[You can read the whole series of Honda Village postings here.]
My wife and I were pleased by the experience we had about six months ago buying a Honda Odyssey from Honda Village in Newton, MA. Certainly, Honda Village was a lot more pleasant than Herb Chambers Honda of Boston, the other dealership with which we dealt seriously. Herb Chambers tried to pull every single slimy car-dealer trick we’d never heard of, but Honda Village was slime-free.
Or so we thought. When we went to close the deal at Honda Village, out came the offers for the various extended warranties. Scott Adams has joked on his blog, not entirely in jest, that scientific studies prove that people’s resistance is low at this point in the car sales process, which is why it’s easy for the salesman to convince them to purchase all sorts of unnecessary warranties. That may be true, and for all I know the few add-ons we purchased are all worthless and stupid. However, the one in particular that I’m concerned about is the one about which the salesman outright lied to us.
The cover-up was worse than the crime. If they’d apologized for misleading us and responded to my complaint quickly, all (or at least most) would have been forgiven. However, as you’ll see from the letter I’ve reprinted below, that is not exactly what happened.
I received a check from Honda Village a week after I sent the letter below, over three months after I first complained to them. It took the threat of legal action (which I clearly would have won) to prompt concrete action. This is simply not acceptable.
On a related note, Village Collision, the collision repair arm of the Village Automotive Group of which Honda Village is a member, seems to be run by well-meaning people who are nevertheless not terribly good at their jobs. Two days after we bought our Odyssey, some idiot side-swiped my wife in Newton Corner by trying to go straight from a left-turn-only lane, thus ruining three body panels. We brought it to Village Collision for repair, and it took them three tries to get it right. We had to bring it back a second time because the bottoms of the replacement body panels were misaligned (and I mean obviously misaligned; this was simply shoddy workmanship) and then a third time because they forgot to plug back in one of the air bag sensors and left a fuse disabled. They were very nice about the whole thing, but is getting the job right the first time really too much to ask for?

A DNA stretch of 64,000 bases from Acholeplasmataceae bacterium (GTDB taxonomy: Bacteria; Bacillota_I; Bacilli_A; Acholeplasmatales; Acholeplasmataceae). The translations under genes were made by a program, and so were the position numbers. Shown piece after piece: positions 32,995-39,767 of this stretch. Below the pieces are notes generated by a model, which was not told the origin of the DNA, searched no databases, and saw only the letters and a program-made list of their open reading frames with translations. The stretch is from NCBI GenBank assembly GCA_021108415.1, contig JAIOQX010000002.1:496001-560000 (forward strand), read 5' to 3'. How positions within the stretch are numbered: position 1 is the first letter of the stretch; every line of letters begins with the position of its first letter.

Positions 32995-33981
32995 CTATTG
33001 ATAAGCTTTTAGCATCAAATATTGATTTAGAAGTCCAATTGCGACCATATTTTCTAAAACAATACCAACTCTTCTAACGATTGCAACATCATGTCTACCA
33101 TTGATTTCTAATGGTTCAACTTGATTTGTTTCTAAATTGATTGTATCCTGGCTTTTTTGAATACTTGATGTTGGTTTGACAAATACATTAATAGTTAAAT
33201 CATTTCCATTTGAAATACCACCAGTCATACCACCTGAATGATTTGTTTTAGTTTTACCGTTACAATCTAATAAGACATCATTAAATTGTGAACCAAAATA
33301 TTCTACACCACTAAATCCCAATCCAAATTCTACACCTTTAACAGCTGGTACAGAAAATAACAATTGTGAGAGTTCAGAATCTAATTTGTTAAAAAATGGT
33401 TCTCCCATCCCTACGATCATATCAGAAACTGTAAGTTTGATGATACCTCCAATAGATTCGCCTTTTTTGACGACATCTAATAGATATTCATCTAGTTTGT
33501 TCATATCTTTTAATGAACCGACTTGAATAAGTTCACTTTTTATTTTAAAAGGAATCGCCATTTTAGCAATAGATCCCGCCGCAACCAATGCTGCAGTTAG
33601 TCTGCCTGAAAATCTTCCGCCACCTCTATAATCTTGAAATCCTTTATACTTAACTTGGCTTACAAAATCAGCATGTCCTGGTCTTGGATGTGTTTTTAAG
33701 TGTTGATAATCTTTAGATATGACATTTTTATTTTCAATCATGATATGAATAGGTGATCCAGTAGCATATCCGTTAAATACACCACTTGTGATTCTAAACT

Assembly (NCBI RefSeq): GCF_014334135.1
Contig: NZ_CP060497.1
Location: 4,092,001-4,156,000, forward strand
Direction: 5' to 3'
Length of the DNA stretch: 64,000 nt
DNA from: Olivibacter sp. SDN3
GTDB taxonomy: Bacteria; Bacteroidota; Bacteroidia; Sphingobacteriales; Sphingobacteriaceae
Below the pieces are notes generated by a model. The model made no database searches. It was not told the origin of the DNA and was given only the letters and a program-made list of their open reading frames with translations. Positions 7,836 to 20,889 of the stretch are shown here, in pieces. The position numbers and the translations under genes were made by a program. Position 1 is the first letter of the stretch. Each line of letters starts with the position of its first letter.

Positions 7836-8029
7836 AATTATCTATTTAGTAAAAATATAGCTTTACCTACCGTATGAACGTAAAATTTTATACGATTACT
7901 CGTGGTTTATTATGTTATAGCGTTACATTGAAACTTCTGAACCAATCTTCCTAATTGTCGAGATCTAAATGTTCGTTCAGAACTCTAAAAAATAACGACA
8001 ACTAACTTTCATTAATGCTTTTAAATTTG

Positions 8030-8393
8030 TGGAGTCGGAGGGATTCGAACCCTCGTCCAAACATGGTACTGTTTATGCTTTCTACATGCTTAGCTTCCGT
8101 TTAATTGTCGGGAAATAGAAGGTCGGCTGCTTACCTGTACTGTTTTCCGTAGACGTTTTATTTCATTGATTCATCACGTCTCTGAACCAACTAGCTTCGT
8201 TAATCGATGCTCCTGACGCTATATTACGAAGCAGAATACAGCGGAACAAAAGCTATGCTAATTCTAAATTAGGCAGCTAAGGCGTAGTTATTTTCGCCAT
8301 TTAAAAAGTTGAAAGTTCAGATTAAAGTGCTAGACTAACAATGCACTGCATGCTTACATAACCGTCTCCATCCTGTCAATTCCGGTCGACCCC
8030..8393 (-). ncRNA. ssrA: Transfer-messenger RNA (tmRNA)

I’m sorry to give a bad review to Honda Village or Village Collision, since they’ve been recommended to me by friends, and since for all I know they’re the best that’s out there. However, regardless of that, what happened to us is simply unacceptable.
And now, the final letter (which I sent via certified mail with a return receipt requested):
December 3, 2007
Village Automotive Group
75 North Beacon Street
Allston, MA 02134-1912
Dear Mr. Ciccolo,
I am sorry to have to write to you again, both because I really don’t wish to waste your time (even though your failure to deal with my complaint has wasted plenty of mine), and because the fact that I am writing to you again means that my problem still hasn’t been resolved.
To recap, here’s what happened before my October 30 letter to you:
- Honda Village misrepresented the coverage of your “Paint Dent Repair Agreement” policy to my wife and me when we bought our Odyssey in June.
- When I discovered this, I wrote to Bobby Levenson on August 21 and asked for a refund on that policy because of the misrepresentation.
- Mr. Levenson didn’t respond, so on September 30, I wrote to Christine Caron.
- Ms. Caron didn’t respond, so on October 30, I wrote to you.
Here’s what has happened since then:
Shortly after I wrote to you, I received a call from Mr. Levenson. He didn’t have my letter in front of him, was unware of the substance of my complaint, and wasted my time making me explain it again to him in detail. He failed to apologize or take responsibility for the fact that his salesman misled my wife and me. He failed to apologize or take responsibility for the fact that neither he nor Ms. Caron had responded to my previous letters. He said he couldn’t give me an answer immediately on the phone and would have to look into it and get back to me. He called me back later and said that although he couldn’t refund the entire price of the policy, since the dealership had paid for it, he would refund 75%. He said that a check would be mailed out that day.